Certainly, some might see the delay of the ICD-10 compliance date as a "silver lining,” in that providers can take advantage of the delay to improve their clinical documentation skills. But Vincent says that for her clients, the delay is perceived as both positive and negative. “It’s seen as a positive because it’s another thing they don’t have to deal with, but also a negative to some because they have already spent the dollars, they’re ready, and they’re concerned about the potential of not moving ahead at all. But I don’t think that will be the case—I believe we will move forward,” she says.

Strategies for Success

Vincent says that when outlining a CDI plan for organizations, she will hold interviews with all of the stakeholders, talk to physicians, coders, health information management (HIM) directors, and anyone else across the board to collect the necessary information. “In terms of our recommendations for launching a program, it’s about identifying key roles, identifying guidelines and strategies, and figuring who is assigned to do what,” she says. “You need to figure out who your players are and what their roles might be. Who will be looking at the coding on a weekly basis, who will train physicians, and what sort of tools are you using?”

To this end, Vincent says that many organizations are not as tuned in to their data and analytics as they should be in order to guide and prioritize improvement efforts. “Our clients can do it themselves or have us come in, but it’s not a one-time thing—you have to continue to nurture it. You should be constantly looking at it quarterly to see how your physicians are doing, and how you’re responding when it comes to correcting and optimizing. It’s a commitment and it’s hard to get physicians to see the value, but when they do, it starts to launch,” Vincent says.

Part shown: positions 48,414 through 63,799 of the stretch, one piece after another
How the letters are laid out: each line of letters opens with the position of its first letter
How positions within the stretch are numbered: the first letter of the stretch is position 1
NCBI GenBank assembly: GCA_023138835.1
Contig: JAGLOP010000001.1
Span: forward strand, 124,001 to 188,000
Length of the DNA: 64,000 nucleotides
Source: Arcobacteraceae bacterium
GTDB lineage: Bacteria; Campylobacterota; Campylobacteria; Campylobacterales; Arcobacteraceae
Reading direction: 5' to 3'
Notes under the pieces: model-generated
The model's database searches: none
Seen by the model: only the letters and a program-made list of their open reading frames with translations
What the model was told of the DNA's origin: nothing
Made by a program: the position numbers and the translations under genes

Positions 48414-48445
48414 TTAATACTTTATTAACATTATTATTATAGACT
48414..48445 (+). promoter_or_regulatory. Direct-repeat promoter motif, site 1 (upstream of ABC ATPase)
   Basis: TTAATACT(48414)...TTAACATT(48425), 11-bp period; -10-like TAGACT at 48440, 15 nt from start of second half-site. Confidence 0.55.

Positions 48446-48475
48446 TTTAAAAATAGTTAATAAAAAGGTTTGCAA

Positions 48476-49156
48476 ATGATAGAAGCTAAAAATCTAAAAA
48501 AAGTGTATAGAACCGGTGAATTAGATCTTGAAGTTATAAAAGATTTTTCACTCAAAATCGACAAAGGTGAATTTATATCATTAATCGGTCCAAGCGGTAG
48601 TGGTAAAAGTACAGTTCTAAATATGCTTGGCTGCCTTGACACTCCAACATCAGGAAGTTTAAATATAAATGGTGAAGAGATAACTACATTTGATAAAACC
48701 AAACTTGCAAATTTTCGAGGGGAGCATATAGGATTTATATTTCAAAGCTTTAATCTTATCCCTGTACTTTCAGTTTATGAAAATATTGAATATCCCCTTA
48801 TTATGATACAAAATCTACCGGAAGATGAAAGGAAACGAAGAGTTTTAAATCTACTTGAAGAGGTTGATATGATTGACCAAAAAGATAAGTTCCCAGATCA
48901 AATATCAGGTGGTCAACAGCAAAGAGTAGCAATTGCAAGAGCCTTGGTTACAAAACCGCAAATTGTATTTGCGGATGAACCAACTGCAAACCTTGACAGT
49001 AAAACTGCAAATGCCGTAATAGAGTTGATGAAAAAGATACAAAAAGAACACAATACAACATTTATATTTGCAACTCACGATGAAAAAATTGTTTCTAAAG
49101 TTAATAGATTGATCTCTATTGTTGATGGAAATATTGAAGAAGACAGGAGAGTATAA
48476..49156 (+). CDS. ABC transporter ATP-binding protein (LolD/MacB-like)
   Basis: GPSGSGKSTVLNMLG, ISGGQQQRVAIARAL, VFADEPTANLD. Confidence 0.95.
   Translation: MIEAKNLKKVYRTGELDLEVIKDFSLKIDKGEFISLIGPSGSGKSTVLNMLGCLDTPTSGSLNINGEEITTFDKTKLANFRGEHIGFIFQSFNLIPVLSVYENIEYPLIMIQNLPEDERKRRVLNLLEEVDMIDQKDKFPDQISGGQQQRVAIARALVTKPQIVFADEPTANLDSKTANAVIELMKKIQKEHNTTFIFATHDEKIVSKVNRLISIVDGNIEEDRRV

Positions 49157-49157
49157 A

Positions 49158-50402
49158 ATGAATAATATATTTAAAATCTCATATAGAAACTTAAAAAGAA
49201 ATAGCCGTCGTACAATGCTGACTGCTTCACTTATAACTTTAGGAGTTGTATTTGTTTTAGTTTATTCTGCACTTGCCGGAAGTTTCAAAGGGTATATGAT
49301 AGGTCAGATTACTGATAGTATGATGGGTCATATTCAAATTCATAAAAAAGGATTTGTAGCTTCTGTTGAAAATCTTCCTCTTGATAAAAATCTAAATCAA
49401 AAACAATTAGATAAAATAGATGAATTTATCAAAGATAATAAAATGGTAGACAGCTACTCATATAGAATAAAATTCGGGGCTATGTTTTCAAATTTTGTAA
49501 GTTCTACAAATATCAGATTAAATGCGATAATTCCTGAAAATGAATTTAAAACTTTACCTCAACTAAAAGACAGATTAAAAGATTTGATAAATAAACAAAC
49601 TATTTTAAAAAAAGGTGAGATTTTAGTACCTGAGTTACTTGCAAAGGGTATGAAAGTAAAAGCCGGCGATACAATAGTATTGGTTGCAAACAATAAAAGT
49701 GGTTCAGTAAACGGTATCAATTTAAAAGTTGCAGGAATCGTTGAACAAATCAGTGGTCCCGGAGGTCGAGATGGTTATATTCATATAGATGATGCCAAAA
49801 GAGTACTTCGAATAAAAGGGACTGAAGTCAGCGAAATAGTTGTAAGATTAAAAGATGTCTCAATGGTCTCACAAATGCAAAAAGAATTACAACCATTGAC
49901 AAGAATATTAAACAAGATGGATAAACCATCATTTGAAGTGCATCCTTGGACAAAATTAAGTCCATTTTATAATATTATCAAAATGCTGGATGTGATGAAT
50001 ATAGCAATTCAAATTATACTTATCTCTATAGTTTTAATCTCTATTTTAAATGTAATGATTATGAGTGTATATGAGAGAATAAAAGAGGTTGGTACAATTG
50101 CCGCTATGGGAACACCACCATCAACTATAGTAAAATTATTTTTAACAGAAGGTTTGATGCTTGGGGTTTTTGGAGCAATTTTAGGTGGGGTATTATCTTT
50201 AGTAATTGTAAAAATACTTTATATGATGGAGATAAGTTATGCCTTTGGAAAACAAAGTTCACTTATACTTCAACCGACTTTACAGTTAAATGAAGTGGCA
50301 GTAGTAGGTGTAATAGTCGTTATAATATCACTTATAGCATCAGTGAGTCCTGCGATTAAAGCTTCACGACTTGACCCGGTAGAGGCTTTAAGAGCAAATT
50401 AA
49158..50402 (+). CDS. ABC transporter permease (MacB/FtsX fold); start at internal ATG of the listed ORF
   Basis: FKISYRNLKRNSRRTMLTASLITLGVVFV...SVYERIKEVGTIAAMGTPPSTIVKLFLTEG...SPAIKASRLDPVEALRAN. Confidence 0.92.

But that’s where the challenges occur—when people don’t see the value, Vincent continues. “And that’s concerning. So when you sit down and begin to have a conversation with an organization that doesn’t see the value of CDI, that’s an opportunity for us to bring success stories, hard facts, and statistics to show them how places are improving overall and how it’s part of the bottom line.”

Vincent says she also sees organizations that bundle CDI under utilization review, because it’s viewed as something that’s not really worthwhile. “But CDI requires its own designated program, an investment, commitment, and leadership in order to mitigate risk, improve the quality of care, and increasing/improve revenue reimbursement,” she says. “Any good CDI program will deliver on those three goals.”